Spain's terrorism law is 'outlawing political satire' - new report

The Spanish authorities are using counter-terror laws to crack down on online creativity in a chilling attack on freedom of expression, a new report from Amnesty International has warned today.

The 16-page report, Tweet…if you dare: How counter-terrorism laws restrict freedom of expression in Spain, reveals that social media users - including musicians and journalists - have been prosecuted on grounds of national security.

Convictions under laws banning the “glorification of terrorism” or “humiliating victims of terrorism” has created an environment where people are increasingly afraid to express alternative views, or make controversial jokes.

Last December, 12 rappers from the collective La Insurgencia were fined, sentenced to more than two years in prison each and banned from working in the public sector, for lyrics that were deemed to “glorify” the armed group GRAPO. They are appealing the sentence, but they are just some of the many artists who have been prosecuted under the law.

Esteban Beltrán, Amnesty Spain’s Director, said:

“Sending rappers to jail for song lyrics and outlawing political satire demonstrates how narrow the boundaries of acceptable online speech have become in Spain.

“People should not face criminal prosecution simply for saying, tweeting or singing something that might be distasteful or shocking. Spain’s broad and vaguely-worded law is resulting in the silencing of free speech and the crushing of artistic expression.”

‘Treated like a terrorist’ for tweets

Under Article 578 of the Spanish Criminal Code, those deemed to have “glorified terrorism” or “humiliated the victims of terrorism or their relatives” – no matter how vague these terms are – face fines, bans from jobs in the public sector and even prison sentences.

The number of people charged under Article 578 increased from three in 2011 to 39 in 2017. In the last two years alone, a total of 66 people were convicted under the law. Since 2014, four coordinated police operations - dubbed the ‘Spider Operations’ - led to scores of people arrested for posting messages on social media platforms, primarily on Twitter and Facebook.

Lawyer Arkaitz Terrón says he was “treated like a terrorist” for nine tweets, including a joke about the ETA assassination of prime minister Luis Carrero Blanco in 1973. He was charged with “glorifying terrorism” but later acquitted.

Cassandra Vera, a 22-year-old student, received a one-year suspended jail sentence last year for “humiliating” the victims of terrorism, also in relation to Twitter jokes about the assassination of Luis Carrero Blanco. The sentence resulted in the loss of her university scholarship, and she was disqualified from employment in the public sector for seven years.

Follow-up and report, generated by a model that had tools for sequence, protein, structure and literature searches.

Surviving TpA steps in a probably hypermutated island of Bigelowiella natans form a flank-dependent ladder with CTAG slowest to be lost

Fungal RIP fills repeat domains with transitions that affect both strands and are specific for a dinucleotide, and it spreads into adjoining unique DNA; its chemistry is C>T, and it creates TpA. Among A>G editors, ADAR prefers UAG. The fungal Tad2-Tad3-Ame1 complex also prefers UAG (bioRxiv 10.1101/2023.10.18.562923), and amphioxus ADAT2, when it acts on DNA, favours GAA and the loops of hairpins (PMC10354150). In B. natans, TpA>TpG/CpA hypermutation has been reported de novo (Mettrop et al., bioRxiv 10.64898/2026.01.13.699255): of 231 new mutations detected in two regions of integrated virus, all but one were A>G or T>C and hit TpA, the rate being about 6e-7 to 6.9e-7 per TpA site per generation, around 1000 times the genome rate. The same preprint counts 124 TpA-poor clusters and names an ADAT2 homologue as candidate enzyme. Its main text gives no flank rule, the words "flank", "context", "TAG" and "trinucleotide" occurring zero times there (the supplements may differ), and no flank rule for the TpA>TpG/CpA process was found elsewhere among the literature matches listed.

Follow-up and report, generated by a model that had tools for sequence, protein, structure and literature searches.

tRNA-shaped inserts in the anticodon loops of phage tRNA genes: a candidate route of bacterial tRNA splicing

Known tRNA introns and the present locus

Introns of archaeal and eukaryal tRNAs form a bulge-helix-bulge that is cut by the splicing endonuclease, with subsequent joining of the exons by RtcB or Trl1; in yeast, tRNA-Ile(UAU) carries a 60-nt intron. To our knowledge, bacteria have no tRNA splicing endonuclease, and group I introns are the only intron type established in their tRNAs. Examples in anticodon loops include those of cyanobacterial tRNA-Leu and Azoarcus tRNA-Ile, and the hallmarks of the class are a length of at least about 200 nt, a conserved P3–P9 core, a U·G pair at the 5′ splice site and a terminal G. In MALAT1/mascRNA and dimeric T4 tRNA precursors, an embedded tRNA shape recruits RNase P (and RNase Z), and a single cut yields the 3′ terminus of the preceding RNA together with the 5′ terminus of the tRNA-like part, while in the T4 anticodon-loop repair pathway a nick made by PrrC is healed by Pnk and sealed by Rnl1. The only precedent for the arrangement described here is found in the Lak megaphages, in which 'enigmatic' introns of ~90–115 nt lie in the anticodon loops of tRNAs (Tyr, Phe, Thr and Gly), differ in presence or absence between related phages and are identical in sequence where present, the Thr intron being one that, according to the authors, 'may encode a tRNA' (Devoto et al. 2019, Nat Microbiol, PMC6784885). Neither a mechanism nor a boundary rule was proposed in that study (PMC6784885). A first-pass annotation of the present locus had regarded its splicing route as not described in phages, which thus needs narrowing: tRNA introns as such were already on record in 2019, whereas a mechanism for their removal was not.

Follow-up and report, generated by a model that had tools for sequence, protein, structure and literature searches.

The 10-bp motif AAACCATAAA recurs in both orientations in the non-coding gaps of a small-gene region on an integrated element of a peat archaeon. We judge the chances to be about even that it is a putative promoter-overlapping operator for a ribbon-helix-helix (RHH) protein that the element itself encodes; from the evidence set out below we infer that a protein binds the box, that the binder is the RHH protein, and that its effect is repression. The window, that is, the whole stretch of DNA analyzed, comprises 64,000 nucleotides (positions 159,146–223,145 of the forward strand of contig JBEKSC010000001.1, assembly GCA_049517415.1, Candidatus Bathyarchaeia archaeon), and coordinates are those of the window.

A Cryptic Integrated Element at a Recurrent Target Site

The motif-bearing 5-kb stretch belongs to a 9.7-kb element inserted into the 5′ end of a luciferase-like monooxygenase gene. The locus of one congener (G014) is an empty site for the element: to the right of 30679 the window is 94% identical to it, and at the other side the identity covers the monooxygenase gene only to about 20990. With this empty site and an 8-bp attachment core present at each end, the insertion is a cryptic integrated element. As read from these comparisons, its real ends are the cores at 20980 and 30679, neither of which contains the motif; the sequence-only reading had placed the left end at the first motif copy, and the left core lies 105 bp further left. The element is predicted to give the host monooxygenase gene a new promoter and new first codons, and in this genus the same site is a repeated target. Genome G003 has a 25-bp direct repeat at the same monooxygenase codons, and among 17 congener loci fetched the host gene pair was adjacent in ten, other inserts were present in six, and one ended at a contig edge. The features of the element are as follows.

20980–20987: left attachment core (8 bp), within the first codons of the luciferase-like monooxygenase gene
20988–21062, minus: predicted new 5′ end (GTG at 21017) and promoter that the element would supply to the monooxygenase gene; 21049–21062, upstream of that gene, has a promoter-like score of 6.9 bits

Among those who came to Ms Vera’s defence was Blanco’s niece, who said she was “fearful of a society where freedom of expression, however regrettable it may be, could lead to imprisonment”. While her statement was submitted as part of Ms Vera’s defence, it had no impact on the case because the law applies regardless of the actual views of the victims of terrorism or their relatives. Earlier this month, in a positive development, Spain’s Supreme Court overturned Ms Vera’s conviction.

Another man, named only as J.C.V., was given a one-year suspended sentence for 13 tweets and told Amnesty that the “objective is to create a climate of self-censorship in the population. And they succeeded with me.”

Stifling artistic expression

Whilst the threat of terrorism is very real and protecting national security can, in certain instances, be legitimate grounds for restricting freedom of expression said Amnesty, Spain’s broad and vague law against “glorifying terrorism” and “humiliating” its victims is stifling artistic expression.

Even journalists attempting to document the crackdown under Article 578 have fallen foul of the law, with one filmmaker being prosecuted for a film he made when he interviewed several people who had been prosecuted on charges of “glorifying terrorism”.

Eda Seyhan, Amnesty’s Campaigner on Counter-Terrorism, said:

“Spain is emblematic of a disturbing trend which has seen states across Europe unduly restricting expression on the pretext of national security, and stripping away rights under the guise of defending them.

“Rapping is not a crime, tweeting a joke is not terrorism and holding a puppet show should not land you in jail. Governments should uphold the rights of victims of terrorism, rather than stifling free speech in their name.

“Spain’s draconian law must be repealed and all charges brought against anyone solely for peacefully expressing themselves must be dropped.”

Article 578 was broadened in 2015 in response to the Paris terror attacks and the perceived threat of international terrorism, though the vast majority of cases brought under the law relate to disbanded or inactive Spamish armed groups, namely ETA and GRAPO. Later this month, a proposal to amend Article 578 is expected to be tabled in the Spanish parliament.

An EU Directive on combating terrorism, which problematically includes “glorification” as an example of expression that may be criminalised, is due to be implemented across Europe by September this year. Amnesty is insisting that the lesson from Spain must be that vaguely-defined offences such as “glorification of terrorism” and “humiliation” of its victims seriously endanger the right to freedom of expression.

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